Distribution

China (Guangdong, Guangxi, Hainan, Taiwan, Yunnan), Indonesia, Japan, Malaysia, Papua New Guinea, Philippines.

Acknowledgements

We thank Yu-Feng Gu, Ke-Rui Huang, Xi-Le Zhou and Zu-Xia He for their help in field investigations; special thanks go to Yea-Chen Liu, Kuan-Yu Shen, Da-Jun Lin and Yi-Hsuan Hsu for their help in field investigations and for taking photographs of specimens in Taiwan. We are grateful to the editor Dr. Blanca León and two anonymous reviewers for their very valuable suggestion in improve our manuscript. This study was supported by a grant from the National Natural Science Foundation of China (NSFC) to Hui Shang (# 31700170) and Science and Technology Basic Work (2013FY112100).

References

  • Bernhardi JJ (1805) Dritter Versuch einer Anordnung der Farrnkräuter. Neues Journal für die Botanik 1(2): 1–50.
  • Blume CL (1828) Enumeratio plantarum Javae et insularum adjacentium: minus cognitarum vel novarum ex herbariis Reinwardtii, Kohlii, Hasseltii et Blumii, vol. 2. Lugduni Batavorum, Apud J.W. van Leeuwen, 138. https://doi.org/10.5962/bhl.title.44901
  • Brownsey PJ (1983) Polyploidy and aneuploidy in Hypolepis, and the evolution of the Dennstaedtiales. American fern journal 73(4): 97–108. https://doi.org/10.2307/1546960
  • Brownsey PJ (1987) A review of the fern genus Hypolepis (Dennstardtiaceae) in the Malesian and Pacific regions. Blumea-Biodiversity, Evolution and Biogeography of Plants 32(2): 227–276.
  • Ching RC (1959) Flora Reipublicae Popularis Sinica, vol. 2. Science Press, Beijing, 246.
  • Chu WM (1992) Taxonomic notes on some pteridophytes from Yunnan (mainly Dulongjiang and neighboring regions). Acta Botanica Yunnanica 5: 36.
  • Chu WM, He ZR, Zhang GF, Lu SG (2006) Hypolepidaceae. In: Kunming Institute of Botany, Chinese Academy of Sciences (Eds) Flora Yunnanica, vol. 20. Science Press, Beijing, 236–238.
  • Darriba D, Taboada GL, Doallo R, Posada D (2012) jModelTest 2: more models, new heuristics and parallel computing. Nature Methods 9(8): 772–772. https://doi.org/10.1038/nmeth.2109
  • Fraser-Jenkins CR (2008) Taxonomic revision of three hundred Indian subcontinental pteridophytes: with a revised census list; a new picture of fern-taxonomy and nomenclature in the Indian subcontinent. Bishen Singh Mahendra Pal Singh, 85.
  • Hall TA (1999) Bio Edit: a user-friendly biological sequence alignment editor and analysis program for Windows 95/98/NT. Nucleic acids symposium series 41: 95–98.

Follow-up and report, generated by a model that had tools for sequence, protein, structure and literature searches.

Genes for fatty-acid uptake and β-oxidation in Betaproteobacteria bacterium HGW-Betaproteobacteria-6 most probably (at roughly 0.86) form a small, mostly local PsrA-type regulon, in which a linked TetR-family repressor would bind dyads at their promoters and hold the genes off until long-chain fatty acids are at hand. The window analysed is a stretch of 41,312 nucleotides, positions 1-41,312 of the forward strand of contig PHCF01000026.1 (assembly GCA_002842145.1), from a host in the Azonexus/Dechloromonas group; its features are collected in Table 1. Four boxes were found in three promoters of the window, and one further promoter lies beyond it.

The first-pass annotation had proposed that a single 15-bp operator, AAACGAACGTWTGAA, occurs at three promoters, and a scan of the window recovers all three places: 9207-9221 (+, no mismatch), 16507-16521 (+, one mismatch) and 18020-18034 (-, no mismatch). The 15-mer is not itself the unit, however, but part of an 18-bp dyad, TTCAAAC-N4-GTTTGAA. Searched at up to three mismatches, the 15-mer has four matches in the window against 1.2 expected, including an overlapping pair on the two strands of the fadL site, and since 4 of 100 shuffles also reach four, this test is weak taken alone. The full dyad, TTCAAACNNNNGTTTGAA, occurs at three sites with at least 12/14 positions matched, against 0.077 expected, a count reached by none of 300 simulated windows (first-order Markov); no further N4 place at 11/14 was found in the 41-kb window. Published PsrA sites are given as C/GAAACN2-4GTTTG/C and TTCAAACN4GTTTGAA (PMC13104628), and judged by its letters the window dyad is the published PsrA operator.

• Hayata B (1915) Icones plantarum formosanarum nec non et contributiones ad floram formosanam, vol. 5. Government of Formosa, Taihoku, 295–297.
  • Little DP, Barrington DS (2003) Major evolutionary events in the origin and diversification of the fern genus Polystichum (Dryopteridaceae). American Journal of Botany 90: 508–514. https://doi.org/10.3732/ajb.90.3.508
  • PPG I [The Pteridophyte Phylogeny Group] (2016) A community-derived classification for extant lycophytes and ferns. Journal of Systematics and Evolution 54(6): 563–603. https://doi.org/10.1111/jse.12229
  • Shang H, Wang Y, Zhu XF, Zhao GH, Wang FH, Lu JM, Yan YH (2016) Likely allopatric origins of Adiantum × meishanianum (Pteridaceae) through multiple hybridizations. Journal of Systematics and Evolution 54(5): 528–534. https://doi.org/10.1111/jse.12205
  • Shieh WC (1975) Dennstaedtiaceae. In: Li HL, Liu TS, Huang TC, Koyama T, CeVol CE (Eds) Flora of Taiwan, 1st edition, vol. 1. Epoch Publishing Co., Ltd, Taiwan, 243–247.
  • Taberlet P, Gielly L, Pautou G, Bouvet J (1991) Universal primers for amplification of three non-coding regions of chloroplast DNA. Plant molecular biology 17(5): 1105–1109. https://doi.org/10.1007/BF00037152
  • Tamura K, Peterson D, Peterson N, Stecher G, Nei M, Kumar S (2011) MEGA5: Molecular evolutionary genetics analysis using maximum likelihood, evolutionary distance, and maximum parsimony methods. Molecular Biology and Evolution 28: 2731–2739. https://doi.org/10.1093/molbev/msr121
  • Xing FW, Wang FG, Funston M, Gilbert MG (2013) Hypolepis. In: Wu CY, Raven PH, Hong DY (Eds) Flora of China, vol 2-3. Science Press Missouri Botanical Garden Press, Beijing, New York.